Current time:0:00Total duration:7:25
0 energy points
Studying for a test? Prepare with these 2 lessons on Absolute value & piecewise functions.
See 2 lessons

Worked example: domain & range of piecewise linear functions

Video transcript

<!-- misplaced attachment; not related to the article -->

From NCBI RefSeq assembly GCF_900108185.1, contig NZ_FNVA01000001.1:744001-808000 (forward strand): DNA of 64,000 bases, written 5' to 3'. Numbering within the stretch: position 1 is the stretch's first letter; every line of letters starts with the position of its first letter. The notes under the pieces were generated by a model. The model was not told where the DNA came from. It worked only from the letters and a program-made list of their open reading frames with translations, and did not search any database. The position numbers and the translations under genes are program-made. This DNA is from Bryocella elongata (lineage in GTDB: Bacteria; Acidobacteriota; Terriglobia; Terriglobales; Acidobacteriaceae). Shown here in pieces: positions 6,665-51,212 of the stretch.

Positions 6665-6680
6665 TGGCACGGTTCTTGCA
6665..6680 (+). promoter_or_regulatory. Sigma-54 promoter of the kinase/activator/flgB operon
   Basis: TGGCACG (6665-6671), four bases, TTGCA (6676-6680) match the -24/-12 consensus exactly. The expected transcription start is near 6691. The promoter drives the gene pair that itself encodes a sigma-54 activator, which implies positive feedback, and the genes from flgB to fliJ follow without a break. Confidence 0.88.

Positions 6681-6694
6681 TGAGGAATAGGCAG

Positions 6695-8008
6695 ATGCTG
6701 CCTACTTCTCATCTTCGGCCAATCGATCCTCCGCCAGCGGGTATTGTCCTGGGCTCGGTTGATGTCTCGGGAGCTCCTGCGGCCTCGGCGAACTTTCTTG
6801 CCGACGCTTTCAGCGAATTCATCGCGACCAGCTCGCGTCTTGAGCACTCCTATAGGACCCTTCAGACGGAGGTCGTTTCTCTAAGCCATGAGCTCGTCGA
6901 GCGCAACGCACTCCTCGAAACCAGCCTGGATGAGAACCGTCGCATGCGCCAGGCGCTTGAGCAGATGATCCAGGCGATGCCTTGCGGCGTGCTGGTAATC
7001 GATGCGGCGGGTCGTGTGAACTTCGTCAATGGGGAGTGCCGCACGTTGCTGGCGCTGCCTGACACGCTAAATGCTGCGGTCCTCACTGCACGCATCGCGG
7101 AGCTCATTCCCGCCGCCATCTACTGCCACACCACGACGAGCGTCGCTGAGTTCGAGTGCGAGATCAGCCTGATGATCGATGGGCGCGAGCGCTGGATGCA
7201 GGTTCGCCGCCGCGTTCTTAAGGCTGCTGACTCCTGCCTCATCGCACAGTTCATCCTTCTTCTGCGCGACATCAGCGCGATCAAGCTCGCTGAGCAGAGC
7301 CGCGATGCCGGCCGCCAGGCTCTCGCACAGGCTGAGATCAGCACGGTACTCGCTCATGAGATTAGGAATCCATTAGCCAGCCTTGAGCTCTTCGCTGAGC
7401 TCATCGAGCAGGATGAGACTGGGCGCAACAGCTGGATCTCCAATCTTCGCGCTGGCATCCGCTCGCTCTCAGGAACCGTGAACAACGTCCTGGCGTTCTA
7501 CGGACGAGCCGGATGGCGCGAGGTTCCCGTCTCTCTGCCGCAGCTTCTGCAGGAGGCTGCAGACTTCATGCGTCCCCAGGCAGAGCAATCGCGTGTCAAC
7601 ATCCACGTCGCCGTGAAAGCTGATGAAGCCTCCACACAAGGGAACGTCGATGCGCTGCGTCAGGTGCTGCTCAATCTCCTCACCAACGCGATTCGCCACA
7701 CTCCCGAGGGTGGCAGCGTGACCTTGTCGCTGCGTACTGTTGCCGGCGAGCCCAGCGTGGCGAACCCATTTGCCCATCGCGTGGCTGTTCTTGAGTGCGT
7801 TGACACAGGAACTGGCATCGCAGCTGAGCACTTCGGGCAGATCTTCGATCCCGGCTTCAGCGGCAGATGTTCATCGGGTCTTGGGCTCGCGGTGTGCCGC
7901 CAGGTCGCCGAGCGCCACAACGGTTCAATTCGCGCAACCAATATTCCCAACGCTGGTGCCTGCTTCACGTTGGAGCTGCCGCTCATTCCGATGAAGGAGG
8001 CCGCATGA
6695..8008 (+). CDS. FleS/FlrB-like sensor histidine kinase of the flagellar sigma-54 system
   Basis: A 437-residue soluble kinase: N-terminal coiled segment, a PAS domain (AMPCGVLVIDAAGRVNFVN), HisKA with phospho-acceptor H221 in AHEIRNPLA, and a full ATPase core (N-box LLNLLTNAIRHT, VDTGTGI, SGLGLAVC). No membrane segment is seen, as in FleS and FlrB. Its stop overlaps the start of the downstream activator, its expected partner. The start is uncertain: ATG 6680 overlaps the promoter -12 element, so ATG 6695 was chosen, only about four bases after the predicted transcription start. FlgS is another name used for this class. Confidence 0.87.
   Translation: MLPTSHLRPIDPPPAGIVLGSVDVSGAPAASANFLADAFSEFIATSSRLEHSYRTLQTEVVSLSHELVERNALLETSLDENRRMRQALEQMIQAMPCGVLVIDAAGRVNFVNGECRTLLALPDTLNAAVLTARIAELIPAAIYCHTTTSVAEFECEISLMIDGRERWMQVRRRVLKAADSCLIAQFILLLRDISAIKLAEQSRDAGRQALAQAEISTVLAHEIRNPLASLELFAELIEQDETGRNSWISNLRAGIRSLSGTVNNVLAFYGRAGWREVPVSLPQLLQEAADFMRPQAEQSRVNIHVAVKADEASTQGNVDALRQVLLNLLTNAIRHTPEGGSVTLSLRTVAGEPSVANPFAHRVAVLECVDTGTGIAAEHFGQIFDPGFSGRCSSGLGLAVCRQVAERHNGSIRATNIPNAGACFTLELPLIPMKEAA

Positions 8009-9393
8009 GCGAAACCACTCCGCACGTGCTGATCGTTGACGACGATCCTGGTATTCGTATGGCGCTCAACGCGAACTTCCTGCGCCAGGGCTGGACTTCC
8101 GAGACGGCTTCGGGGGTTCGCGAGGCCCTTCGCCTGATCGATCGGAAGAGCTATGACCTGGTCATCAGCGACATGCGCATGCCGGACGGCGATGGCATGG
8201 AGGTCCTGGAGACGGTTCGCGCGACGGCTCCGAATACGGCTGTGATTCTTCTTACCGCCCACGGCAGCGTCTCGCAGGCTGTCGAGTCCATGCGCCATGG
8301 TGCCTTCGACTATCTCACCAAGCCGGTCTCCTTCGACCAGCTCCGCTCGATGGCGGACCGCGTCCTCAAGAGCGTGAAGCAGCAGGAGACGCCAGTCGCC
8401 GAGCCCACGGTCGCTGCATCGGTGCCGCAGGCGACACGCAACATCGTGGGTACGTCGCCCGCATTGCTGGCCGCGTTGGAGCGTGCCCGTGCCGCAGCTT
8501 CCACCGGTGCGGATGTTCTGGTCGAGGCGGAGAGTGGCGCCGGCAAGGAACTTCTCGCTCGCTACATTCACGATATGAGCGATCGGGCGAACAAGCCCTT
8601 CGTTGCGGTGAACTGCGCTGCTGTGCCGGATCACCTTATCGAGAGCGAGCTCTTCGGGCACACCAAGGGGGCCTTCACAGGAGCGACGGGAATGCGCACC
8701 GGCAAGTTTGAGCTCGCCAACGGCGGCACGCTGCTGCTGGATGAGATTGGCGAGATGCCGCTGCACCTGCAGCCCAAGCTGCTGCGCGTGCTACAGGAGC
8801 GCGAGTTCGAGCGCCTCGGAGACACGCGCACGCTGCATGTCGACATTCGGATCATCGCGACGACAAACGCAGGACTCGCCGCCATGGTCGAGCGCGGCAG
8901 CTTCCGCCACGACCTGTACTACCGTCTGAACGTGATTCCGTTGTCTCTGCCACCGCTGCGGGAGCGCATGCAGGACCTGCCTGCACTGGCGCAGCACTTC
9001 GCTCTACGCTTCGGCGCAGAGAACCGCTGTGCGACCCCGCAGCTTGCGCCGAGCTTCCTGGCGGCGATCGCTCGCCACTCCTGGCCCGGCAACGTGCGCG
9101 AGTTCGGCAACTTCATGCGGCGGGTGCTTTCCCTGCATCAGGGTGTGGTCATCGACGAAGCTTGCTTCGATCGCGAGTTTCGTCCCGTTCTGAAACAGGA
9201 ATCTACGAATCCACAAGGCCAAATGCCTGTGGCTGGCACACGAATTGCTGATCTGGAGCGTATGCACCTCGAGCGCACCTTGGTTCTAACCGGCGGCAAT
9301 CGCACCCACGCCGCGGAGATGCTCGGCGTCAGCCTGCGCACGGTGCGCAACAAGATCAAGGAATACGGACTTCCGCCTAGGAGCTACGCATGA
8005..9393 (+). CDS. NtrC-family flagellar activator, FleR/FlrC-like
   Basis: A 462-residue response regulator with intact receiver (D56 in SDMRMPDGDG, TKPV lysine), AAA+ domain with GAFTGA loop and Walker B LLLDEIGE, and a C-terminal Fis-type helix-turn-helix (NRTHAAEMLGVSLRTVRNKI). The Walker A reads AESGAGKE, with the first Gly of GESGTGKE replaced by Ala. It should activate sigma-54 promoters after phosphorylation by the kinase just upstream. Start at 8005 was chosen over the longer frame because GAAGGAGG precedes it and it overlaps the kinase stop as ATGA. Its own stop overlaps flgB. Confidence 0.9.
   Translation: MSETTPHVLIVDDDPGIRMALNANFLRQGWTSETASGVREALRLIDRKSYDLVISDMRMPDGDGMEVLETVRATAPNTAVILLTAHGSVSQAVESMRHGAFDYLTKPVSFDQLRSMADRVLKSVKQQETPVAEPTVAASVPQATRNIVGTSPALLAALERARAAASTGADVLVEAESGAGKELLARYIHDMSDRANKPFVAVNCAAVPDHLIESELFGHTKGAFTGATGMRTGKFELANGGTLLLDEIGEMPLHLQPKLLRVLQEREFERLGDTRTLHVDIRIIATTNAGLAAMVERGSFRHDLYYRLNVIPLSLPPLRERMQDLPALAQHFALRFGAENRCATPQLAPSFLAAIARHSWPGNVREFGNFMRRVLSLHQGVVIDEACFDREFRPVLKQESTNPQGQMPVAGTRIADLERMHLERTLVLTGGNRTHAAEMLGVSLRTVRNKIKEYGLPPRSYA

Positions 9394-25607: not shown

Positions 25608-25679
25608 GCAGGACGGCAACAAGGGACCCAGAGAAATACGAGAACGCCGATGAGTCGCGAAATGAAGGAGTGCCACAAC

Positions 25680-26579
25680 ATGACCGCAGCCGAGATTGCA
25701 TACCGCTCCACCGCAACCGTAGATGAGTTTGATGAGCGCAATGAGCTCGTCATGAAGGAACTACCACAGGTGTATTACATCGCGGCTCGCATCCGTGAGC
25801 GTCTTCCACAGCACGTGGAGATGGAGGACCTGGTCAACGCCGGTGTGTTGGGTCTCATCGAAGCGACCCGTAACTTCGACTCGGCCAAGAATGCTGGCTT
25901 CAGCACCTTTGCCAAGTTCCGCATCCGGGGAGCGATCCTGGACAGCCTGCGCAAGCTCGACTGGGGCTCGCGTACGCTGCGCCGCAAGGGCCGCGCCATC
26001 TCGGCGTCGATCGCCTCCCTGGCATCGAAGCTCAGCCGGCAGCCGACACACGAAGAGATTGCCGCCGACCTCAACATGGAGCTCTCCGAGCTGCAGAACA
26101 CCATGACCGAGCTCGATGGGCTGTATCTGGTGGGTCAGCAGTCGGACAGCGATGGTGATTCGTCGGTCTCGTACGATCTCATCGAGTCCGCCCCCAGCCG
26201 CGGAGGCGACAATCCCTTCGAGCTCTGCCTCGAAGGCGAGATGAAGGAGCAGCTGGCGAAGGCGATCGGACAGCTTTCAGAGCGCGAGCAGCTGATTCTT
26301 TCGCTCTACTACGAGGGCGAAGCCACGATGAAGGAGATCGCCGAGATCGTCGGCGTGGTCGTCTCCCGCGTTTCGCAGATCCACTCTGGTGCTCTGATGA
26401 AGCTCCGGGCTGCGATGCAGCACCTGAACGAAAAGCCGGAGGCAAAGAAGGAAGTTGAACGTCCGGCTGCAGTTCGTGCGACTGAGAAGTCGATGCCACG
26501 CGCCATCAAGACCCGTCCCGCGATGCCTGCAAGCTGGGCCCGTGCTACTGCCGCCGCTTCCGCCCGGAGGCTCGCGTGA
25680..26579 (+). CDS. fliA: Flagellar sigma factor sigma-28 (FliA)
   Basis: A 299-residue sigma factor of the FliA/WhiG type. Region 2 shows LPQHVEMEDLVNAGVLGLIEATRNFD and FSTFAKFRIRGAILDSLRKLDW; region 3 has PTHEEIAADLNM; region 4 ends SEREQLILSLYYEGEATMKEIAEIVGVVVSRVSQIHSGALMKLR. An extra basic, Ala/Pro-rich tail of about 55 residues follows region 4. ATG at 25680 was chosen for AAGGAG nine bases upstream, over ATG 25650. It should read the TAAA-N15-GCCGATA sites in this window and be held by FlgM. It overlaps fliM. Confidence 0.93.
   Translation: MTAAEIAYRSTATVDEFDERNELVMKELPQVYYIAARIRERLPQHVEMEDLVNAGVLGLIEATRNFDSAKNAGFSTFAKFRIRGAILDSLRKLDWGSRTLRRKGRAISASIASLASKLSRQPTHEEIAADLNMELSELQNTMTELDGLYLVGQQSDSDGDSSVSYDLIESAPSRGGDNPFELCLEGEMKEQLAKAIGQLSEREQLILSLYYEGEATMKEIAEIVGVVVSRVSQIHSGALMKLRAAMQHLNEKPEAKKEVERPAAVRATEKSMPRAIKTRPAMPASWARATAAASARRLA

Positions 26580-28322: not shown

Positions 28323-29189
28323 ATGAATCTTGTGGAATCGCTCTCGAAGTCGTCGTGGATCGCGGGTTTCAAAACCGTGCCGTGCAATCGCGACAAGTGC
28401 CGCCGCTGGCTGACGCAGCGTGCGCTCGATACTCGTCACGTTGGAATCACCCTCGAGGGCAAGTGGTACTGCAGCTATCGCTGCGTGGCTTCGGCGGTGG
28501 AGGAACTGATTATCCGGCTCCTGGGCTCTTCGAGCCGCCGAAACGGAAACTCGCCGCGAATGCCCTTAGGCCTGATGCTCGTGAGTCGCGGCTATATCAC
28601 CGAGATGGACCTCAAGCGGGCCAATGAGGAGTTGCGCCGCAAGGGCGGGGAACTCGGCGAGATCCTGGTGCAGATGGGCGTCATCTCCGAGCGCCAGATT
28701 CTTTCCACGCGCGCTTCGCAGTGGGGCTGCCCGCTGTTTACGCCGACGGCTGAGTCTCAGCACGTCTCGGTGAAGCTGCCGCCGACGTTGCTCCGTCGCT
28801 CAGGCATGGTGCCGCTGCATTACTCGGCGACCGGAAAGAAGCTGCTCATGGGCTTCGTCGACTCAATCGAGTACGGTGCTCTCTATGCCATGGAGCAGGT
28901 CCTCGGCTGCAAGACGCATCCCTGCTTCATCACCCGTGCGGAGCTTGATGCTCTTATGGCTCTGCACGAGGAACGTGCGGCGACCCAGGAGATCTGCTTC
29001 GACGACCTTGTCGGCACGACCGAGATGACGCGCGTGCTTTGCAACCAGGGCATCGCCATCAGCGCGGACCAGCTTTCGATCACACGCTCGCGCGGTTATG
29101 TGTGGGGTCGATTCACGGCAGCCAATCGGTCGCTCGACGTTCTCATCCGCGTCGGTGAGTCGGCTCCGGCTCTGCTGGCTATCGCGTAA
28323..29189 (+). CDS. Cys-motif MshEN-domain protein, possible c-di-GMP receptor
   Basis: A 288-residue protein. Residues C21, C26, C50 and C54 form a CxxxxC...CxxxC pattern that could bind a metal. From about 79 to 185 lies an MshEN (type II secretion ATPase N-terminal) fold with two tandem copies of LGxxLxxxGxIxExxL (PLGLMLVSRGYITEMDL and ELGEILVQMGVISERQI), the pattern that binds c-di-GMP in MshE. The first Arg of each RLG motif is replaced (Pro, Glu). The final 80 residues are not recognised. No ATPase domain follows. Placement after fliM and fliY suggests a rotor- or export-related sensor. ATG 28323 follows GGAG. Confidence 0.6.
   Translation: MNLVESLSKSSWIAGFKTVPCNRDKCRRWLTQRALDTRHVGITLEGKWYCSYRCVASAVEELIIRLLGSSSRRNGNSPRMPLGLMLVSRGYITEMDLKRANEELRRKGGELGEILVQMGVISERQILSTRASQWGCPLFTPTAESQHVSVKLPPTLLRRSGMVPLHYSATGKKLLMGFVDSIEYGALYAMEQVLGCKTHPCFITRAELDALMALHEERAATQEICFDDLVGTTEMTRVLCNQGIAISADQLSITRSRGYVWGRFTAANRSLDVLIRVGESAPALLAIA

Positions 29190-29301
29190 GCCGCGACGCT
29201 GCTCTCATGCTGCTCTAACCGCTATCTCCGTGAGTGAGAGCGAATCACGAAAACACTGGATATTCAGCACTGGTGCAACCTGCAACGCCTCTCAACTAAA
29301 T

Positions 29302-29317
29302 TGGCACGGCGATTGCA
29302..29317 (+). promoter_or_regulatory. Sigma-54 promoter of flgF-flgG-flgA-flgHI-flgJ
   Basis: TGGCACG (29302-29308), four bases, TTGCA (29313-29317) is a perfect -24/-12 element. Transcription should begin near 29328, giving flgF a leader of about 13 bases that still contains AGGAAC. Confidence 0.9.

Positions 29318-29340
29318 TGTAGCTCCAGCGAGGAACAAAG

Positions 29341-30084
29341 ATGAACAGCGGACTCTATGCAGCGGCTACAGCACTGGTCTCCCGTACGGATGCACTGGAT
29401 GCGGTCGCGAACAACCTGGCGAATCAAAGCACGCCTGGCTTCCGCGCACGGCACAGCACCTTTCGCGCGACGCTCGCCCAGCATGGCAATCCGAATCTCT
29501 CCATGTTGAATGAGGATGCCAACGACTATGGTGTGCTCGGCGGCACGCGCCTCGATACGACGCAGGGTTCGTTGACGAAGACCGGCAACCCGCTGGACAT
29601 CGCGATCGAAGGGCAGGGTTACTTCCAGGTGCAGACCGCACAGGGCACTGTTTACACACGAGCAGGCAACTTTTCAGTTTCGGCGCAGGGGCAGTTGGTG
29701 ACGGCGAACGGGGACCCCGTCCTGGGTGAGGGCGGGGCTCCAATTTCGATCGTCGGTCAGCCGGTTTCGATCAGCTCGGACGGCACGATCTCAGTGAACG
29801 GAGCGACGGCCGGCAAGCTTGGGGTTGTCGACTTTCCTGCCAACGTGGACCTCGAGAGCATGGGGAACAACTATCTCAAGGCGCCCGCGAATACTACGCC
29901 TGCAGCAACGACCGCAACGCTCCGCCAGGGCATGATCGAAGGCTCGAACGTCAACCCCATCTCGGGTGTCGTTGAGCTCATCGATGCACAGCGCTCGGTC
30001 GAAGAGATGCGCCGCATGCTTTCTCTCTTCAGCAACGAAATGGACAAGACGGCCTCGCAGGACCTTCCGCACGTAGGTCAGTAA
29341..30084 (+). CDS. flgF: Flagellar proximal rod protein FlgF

So we have a piecewise linear function right over here for different intervals of x. g of x is defined by a a line or the line changes depending what interval of x we're actually in. And so let's think about its domain, and then we'll think about its range. So the domain of this, this is a review. The domain is the set of all inputs for which this function is defined, and our input variable here is x. This is a set of all x values for which this function is defined. And we see here. Anything, anything negative 6 or lower, our function isn't defined. If it, if x is negative 6 or or lower than that. I don't -- it doesn't, it doesn't fall into one of these three intervals. So there is no definition for it. It doesn't say hey do this in all other cases for x. It is just saying, look, if x falls into one of these three conditions, apply this. And if x doesn't fall into one of those three conditions, well this function g is just not defined. So, to fall into one of these three, you have to be at least greater than negative 6. So this part right over here, the low end of our domain is defined right over there, so we say, we could say, negative 6 is less than x and I'm leaving -- so let's write it here. All real numbers -- actually let me write this way x, I could write it more math-y. I could say x is a member of the real numbers such that, such that negative 6 is less than x. Negative 6 is less than x and I also think about the upper bound. So as x goes, I just wanna make sure that we fill in all the gaps between x being a greater than negative 6 and x is less than or equal to 6. So let's see. As we go up to and including negative 3, we're in this clause. As soon as we cross negative 3, we fall into this clause up to 4, but as soon as we get 4, we're in this clause up to and including 6. So x at the high end is said to be less than or equal to 6, less then or equal to 6. Now another way to say this and kind of less math-y notation is x, x can be any real number, any the real number such that, such that negative 6 is less than x is less than or equal to 6. These two statements are equivalent. So now let's think about the range of this function. Let's think about the range, and the range is, this is the set of all inputs , oh sorry, this is the set of all outputs that this function can take on, or all the values that this function can take on. And to do that, let's just think about as x goes, but x varies or x can be any values in this interval. What are the different values that g of x could take on? Let's think about that. g of x is going to be between what and what? g of x is going to be between what and what? g of x is going to be between what and what? And it might actually, this might be some equal signs there but I'm gonna worry about that in a second. So when does this thing hit its low point? o this thing hits, hits its low point when x is as small as possible. An x is going to be as small as possible when x is approaching negative 6. So if x were equal to negative 6, it can't equal negative 6 herer but if x is equal to negative 6, then this thing over here would be equal to negative 6 plus 7, would be, would be 1. So if x is greater than negative 6, g of x is going to be greater than 1, or another way to think about it is if negative 6 is less than x, then 1 is going to be less than g of x. And the reason I said that is if I put negative 6 into this, negative 6 plus 7 is equal to 1. Now this gonna hit a high end when it as large as possible. The largest value in this interval that we can take on is x being equal to negative 3. So when x is equal to negative 3, negative 3 plus 7 is equal to 4, positive 4. And it can actually take on that value because this is less than or equal to, so we can actually take on x equals negative 3 in which case g of x actually will take on positive 4. So, let' do that for each of these. Now here we have 1 minus x, so this is going to take on its smallest value when x is as large as possible. So the largest value x can approach for, it can't quite take on for, but it's going to approach for. So if x, let's see, if we said x was 4, although that's not this clause here, 1 minus x, 1 minus 4 is negative 3. So as long as x is less than 4, then negative 3 is going to be less than g of x. I wanna make sure that makes sense to you because it can be little bit confusing because this takes on its minimum value when x is approaching, or it's approaching its minimum value when x is approaching its, when x is approaching its maximum because we're subtracting it. So if you take the upper end, even though this doesn't actually include 4, but as we approach for, we could say, OK, 1 negative 4 is negative 3 so that's, so g of x is always going to be greater than that, as well it's going to be going to be a less than. Well what happens as we approach x being equal to negative 3? So, 1 minus negative 3 is going to be positive 4. So this is going to be positive 4 right over here. And these are both less than, not less than or equal to because these are both less than right over here. And now let's think about this right over here. So 2x minus 11 is gonna hit its maximum value when x is as large as possible. So its maximum value's going to be hit when x is equal to 6 So 2 times 6 is 12, minus 11. Well that's going to be 1. So its maximum value's going to be 1. It's actually going to be able to hit because x can be equal to 6. Its minimum value is going to be when x is equal to 4, and actually can be equal to 4. We have this less than or equal sign right over there. So 2 times 4 is 8, minus 11 is negative 3. So, g of x in this case can get as low as negative 3 when x is equal to 4. So now let's think about all of, all of the values that g of x can take on. So we could say, we could write this a bunch of ways, we could write g of x is going to be a member of the real numbers such that -- let's see. What's the lowest value g of x can take on? g of x can get as low as negative 3. It can even be equal to negative 3. This one just has been greater the negative 3, but here can be greater than or equal to negative 3. So negative 3 is less than or equal to g of x, and it can get as high as, it can get as high as Let's see. It's defined all the way to 1 and then -- or I shouldn't say it is defined all the way to 1. It can take on values up to 1 but it can also take on values beyond 1. It can take on values all the way up to including 4 over here. So it can take on values up to and including 4. So g of x is a member real numbers such that negative 3 is less than or equal to g of x is less than or equal to 4. So the set of all values that g of x can take on between, including and including negative 3 and positive 4.